Wolfgang Van Halen spoke at length about the rumored tribute tour in honor of his late father, Eddie Van Halen, in a new interview with Rolling Stone.
“What I can say is that there was an attempt at doing something,” said Wolfgang. “But, you know, I don’t like to speak negatively about people, but there are some people that make it very difficult to do anything when it comes to Van Halen. After being in Van Halen for a long time, I really have strived to have an environment where there is no walking on eggshells and there is no personality that you have to deal with. It’s just guys having fun making music and just having a good time. But, you know, from my time in Van Halen, there was always some stuff that gets in the way from just making music and having a good time. And, I think, that’s what happened.”
Wolfgang, acknowledging his elusive answer, would add, “I would love to just sit here and say everything and say the truth. There are plenty of interviews my dad did, where he straight up just said everything. And people hated him for it and thought he was lying. So I could just say s—, but people have already decided how they feel about things, facts or not. So I can say the facts. But that may not align with how certain people feel. I know how Van Halen fans get. They are very motivated by which specific people they like in the band. And it’s just not worth it. Just, we made an attempt, and some people can be hard to work with, and made it not happen.”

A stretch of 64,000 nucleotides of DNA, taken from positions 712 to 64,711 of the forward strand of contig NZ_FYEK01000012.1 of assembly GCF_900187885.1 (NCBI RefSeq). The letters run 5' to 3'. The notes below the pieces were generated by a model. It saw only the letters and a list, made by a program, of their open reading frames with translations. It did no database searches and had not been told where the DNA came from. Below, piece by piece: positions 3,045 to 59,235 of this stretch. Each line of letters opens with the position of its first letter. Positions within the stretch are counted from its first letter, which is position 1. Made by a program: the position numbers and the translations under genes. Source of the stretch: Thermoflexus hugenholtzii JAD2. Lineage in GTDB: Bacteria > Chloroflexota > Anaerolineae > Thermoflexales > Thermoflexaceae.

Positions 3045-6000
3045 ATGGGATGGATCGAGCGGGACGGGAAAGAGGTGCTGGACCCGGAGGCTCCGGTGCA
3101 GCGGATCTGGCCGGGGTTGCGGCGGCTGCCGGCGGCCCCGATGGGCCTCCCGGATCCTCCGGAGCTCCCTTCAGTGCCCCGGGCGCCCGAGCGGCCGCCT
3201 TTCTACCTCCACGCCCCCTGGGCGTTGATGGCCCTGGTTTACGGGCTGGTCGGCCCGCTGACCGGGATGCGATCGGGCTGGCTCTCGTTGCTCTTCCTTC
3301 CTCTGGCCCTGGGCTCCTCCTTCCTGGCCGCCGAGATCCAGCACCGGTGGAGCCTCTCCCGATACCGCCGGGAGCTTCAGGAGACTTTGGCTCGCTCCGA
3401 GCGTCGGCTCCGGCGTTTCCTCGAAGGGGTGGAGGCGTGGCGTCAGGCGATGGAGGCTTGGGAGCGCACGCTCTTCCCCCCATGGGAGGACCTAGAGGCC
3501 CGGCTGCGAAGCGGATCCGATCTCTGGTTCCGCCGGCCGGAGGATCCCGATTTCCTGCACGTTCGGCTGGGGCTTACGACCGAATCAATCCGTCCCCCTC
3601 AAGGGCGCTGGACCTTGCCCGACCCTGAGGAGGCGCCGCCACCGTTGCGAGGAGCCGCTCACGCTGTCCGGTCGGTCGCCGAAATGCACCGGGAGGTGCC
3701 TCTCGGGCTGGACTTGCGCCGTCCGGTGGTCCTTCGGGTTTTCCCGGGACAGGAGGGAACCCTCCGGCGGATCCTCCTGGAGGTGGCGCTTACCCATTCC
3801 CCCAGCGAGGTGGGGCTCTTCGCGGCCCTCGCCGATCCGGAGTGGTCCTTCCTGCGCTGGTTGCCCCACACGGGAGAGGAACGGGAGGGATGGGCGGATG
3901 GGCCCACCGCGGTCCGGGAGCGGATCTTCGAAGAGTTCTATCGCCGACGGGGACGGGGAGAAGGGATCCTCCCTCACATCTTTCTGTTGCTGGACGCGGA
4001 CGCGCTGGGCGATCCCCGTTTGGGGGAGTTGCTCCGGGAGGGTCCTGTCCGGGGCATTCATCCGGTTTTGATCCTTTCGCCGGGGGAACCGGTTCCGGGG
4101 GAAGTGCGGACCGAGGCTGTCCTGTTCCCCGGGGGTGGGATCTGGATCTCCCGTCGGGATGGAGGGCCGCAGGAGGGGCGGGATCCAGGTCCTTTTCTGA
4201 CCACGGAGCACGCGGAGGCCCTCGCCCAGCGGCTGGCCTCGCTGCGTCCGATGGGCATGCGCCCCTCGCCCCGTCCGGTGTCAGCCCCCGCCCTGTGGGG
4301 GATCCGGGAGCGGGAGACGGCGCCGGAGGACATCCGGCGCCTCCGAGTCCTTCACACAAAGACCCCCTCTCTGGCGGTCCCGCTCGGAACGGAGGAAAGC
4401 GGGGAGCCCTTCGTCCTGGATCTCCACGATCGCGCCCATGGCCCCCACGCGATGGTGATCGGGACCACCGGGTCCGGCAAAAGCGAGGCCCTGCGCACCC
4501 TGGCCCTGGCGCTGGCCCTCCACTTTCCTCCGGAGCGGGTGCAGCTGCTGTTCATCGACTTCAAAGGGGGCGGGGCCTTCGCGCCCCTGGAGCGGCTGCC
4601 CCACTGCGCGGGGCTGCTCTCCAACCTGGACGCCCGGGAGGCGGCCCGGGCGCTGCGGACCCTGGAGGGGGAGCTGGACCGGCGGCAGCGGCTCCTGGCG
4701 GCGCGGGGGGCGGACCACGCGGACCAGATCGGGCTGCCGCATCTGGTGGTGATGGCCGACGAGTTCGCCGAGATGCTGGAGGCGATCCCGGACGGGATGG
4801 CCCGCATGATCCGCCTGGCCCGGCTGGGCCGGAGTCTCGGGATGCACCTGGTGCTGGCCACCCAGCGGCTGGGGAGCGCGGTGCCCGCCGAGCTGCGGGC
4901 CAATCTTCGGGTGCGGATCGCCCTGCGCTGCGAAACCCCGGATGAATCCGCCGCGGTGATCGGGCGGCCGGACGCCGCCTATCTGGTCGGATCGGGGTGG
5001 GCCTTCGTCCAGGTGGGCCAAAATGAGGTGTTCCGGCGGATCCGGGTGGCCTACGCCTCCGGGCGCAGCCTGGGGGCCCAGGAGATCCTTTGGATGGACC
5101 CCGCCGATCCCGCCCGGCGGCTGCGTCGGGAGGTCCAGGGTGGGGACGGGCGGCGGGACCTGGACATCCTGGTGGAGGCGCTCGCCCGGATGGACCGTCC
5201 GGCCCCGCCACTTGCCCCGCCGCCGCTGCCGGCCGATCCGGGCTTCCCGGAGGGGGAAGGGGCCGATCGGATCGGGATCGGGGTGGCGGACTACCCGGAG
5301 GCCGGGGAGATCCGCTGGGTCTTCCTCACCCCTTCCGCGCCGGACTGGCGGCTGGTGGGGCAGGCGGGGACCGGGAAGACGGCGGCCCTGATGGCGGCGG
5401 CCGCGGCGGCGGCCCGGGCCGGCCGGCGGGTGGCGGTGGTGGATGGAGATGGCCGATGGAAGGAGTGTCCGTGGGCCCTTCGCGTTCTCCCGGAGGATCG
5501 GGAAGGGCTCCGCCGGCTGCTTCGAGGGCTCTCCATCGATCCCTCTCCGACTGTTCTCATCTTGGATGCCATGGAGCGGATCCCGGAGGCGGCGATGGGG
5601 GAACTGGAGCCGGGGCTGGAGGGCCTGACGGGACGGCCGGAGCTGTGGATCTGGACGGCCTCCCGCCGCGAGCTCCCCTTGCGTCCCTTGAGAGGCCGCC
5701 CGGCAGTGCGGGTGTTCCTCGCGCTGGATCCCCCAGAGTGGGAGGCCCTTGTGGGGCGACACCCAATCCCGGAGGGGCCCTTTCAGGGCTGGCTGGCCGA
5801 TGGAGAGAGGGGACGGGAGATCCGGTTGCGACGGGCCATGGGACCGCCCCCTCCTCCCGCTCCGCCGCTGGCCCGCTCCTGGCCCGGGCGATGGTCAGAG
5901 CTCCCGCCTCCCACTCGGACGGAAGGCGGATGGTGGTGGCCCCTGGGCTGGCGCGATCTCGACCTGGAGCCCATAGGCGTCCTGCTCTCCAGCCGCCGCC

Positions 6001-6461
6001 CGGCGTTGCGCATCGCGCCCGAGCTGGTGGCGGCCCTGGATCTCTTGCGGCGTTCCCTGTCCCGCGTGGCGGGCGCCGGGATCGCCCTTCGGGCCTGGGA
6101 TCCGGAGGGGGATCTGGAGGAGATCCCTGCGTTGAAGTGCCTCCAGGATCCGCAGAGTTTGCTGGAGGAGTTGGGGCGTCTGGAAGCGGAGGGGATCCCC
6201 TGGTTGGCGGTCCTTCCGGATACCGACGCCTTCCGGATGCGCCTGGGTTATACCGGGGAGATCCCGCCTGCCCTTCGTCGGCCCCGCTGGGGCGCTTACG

Wolfgang would go on to clarify that the tribute to his father was actually just supposed to be a one-off performance, not a tour as has been previously reported. However, even trying to organize a one-off performance led to various issues, and apparently, none of this tribute business was supposed to come out.
“People love to pin every decision Van Halen has ever made on Dad. But [Alex Van Halen’s] the brain,” said Wolfgang. “Al has been the guy forever. He’s the dude. When it comes to Van Halen, Dad just wanted to play guitar. But, you know, Al’s mentality, and it’s the mentality that Van Halen took for the entirety of its band, is that there’s nothing worth talking about unless it’s happening…And just because one person [former Metallica bassist Jason Newsted] decided to talk about it when they weren’t supposed to, it f—ed everything up.”
When pushed on whether the biggest issue with getting a tribute show together was David Lee Roth, Wolfgang responded with, “I would say, ‘Do your research on the history of Van Halen, and come to your conclusions.'”